Another notable voice has spoken against banning ChatGPT in schools.
“The same week that New York City public schools banned ChatGPT, Anthropic [an AI safety and research company] posted a prompt engineer job paying $275,000 a year…. If New York City’s ban were effective, you’re essentially keeping kids from this transformation of technology, which isn’t just going to be for prompt engineers. It’s going to be for any job that probably anybody is going to do for the rest of time.”
Taking his argument to its logical extreme would be problematic. If a skill is necessary for the job market, it should be taught in K-12; therefore any skills NOT necessary for employment should be omitted from school. But Khan is not arguing the extreme, he’s talking about a revolutionary skill that literally could become the foundation of all intellectual work. So if we do see school as life preparation, as we should, then his argument to include AI in school is sound.
BUT WHAT TO DO ABOUT CHEATING?!?!?!
I’ve argued before that we must find ways to teach and assess students’ critical thinking skills on their own as well as their abilities to apply AI to their work. How can we do this without reverting to in-class handwritten work?
A few options:
1. Build assignments around generating prompts and predicting their results. Prompts are metacognitive: they require the prompter to think critically about how one would produce the intended result, rather than just produce that result themselves. This is arguably a more complex cognitive process. Ask students to write a prompt, then to write a prediction of what a good AI response to their prompt might be, and then have them run the prompt and evaluate their prediction. (Revised Bloom’s Taxonomy fans: this checks some of the furthest boxes on both axes!)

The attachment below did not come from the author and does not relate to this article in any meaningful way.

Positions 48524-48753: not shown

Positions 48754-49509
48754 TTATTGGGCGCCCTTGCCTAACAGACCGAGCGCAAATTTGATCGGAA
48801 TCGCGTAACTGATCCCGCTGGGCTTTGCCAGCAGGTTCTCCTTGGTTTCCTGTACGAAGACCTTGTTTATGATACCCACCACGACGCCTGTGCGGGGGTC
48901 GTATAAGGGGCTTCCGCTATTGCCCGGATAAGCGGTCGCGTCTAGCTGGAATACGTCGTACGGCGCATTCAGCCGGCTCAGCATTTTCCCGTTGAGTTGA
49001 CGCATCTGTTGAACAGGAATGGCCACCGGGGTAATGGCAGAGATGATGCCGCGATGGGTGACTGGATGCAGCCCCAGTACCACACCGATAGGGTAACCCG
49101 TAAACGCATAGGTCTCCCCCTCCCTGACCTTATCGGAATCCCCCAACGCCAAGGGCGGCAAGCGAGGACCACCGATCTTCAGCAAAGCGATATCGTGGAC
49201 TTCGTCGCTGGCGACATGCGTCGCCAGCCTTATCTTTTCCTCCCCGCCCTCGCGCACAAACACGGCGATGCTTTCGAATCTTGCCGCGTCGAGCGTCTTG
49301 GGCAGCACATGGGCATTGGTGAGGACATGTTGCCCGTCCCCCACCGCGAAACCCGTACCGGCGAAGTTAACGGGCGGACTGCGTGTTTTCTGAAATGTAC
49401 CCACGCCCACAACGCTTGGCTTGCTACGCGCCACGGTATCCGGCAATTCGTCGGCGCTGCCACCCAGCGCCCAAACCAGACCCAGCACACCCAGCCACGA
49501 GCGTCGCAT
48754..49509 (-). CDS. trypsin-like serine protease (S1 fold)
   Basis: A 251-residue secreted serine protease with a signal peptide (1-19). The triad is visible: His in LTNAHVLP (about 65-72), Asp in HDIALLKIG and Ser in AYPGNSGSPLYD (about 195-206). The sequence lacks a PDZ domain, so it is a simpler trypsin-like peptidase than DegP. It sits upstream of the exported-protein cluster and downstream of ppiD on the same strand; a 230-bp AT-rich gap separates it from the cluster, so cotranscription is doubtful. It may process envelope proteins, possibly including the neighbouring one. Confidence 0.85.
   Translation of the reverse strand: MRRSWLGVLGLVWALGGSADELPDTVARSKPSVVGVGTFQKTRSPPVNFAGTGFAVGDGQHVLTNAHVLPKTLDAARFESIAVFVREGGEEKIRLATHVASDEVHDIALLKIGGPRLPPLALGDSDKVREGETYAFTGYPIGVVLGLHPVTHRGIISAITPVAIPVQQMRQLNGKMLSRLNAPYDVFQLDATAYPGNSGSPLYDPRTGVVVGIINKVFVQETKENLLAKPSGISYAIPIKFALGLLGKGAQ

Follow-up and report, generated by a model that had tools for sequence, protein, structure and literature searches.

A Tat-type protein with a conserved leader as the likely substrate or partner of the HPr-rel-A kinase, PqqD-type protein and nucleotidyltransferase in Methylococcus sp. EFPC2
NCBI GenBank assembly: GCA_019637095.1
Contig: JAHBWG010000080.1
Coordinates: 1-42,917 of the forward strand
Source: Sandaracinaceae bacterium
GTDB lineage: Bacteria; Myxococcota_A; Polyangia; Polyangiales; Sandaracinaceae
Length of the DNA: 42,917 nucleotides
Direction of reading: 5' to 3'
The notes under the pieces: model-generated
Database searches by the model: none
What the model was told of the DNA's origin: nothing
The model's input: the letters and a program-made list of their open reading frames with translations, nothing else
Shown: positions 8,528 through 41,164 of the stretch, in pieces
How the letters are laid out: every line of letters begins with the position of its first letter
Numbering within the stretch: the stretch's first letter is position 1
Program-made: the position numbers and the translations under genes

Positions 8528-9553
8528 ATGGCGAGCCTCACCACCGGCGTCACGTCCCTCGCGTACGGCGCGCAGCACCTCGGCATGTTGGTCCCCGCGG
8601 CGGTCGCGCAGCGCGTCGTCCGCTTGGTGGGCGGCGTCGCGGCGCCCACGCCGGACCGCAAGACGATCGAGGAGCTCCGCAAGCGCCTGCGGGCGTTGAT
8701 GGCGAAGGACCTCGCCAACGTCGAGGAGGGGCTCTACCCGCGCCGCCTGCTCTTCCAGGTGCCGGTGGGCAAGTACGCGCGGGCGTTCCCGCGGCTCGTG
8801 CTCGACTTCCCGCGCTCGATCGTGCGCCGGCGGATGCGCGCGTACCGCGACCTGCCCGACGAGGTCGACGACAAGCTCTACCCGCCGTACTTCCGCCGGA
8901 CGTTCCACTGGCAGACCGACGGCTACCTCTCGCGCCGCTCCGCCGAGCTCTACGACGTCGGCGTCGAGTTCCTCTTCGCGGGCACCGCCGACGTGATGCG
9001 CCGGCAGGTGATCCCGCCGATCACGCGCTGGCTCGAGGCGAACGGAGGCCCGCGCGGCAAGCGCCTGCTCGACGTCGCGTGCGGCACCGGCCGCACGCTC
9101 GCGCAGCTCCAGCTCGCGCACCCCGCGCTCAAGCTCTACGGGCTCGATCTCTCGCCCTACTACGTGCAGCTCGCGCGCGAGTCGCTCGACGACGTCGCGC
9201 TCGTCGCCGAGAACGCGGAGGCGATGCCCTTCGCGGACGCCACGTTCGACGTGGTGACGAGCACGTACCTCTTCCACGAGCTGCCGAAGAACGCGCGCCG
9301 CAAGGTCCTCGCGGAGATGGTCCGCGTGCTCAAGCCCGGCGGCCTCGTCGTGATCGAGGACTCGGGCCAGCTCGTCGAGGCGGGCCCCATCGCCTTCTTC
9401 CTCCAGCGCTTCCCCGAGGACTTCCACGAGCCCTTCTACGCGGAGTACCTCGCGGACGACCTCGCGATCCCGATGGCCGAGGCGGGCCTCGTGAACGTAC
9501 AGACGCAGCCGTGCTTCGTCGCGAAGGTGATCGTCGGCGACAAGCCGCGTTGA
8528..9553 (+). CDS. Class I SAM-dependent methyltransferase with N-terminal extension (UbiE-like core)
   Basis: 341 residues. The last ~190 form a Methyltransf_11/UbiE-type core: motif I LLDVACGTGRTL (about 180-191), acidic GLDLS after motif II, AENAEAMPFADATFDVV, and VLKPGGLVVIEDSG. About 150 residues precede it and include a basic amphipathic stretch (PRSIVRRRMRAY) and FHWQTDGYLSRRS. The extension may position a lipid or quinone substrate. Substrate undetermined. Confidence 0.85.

2. Rather than assessing the product of a student’s work, assess the process. Do this in conversation with the student: why did you write this argument? How did you get to your result? What if you needed to solve it a different way? It adds time to the assessment process but it’s worth it. (Even in the absence of AI tools, it’s worth it.)
3. Use ChatGPT for its intended use: chat! A student can practice their conversational skills by having a conversation in the target language, or use ChatGPT to practice verb conjugations by requesting examples of specific verb tenses in context.
(The examples in that last point, with a few minor edits, are direct from ChatGPT. If you’ve not tried augmenting your work with it, you’re really missing out.)
How are you using AI in your learning or work, and what’s your stance on including it in education? Love to hear from you in the comments!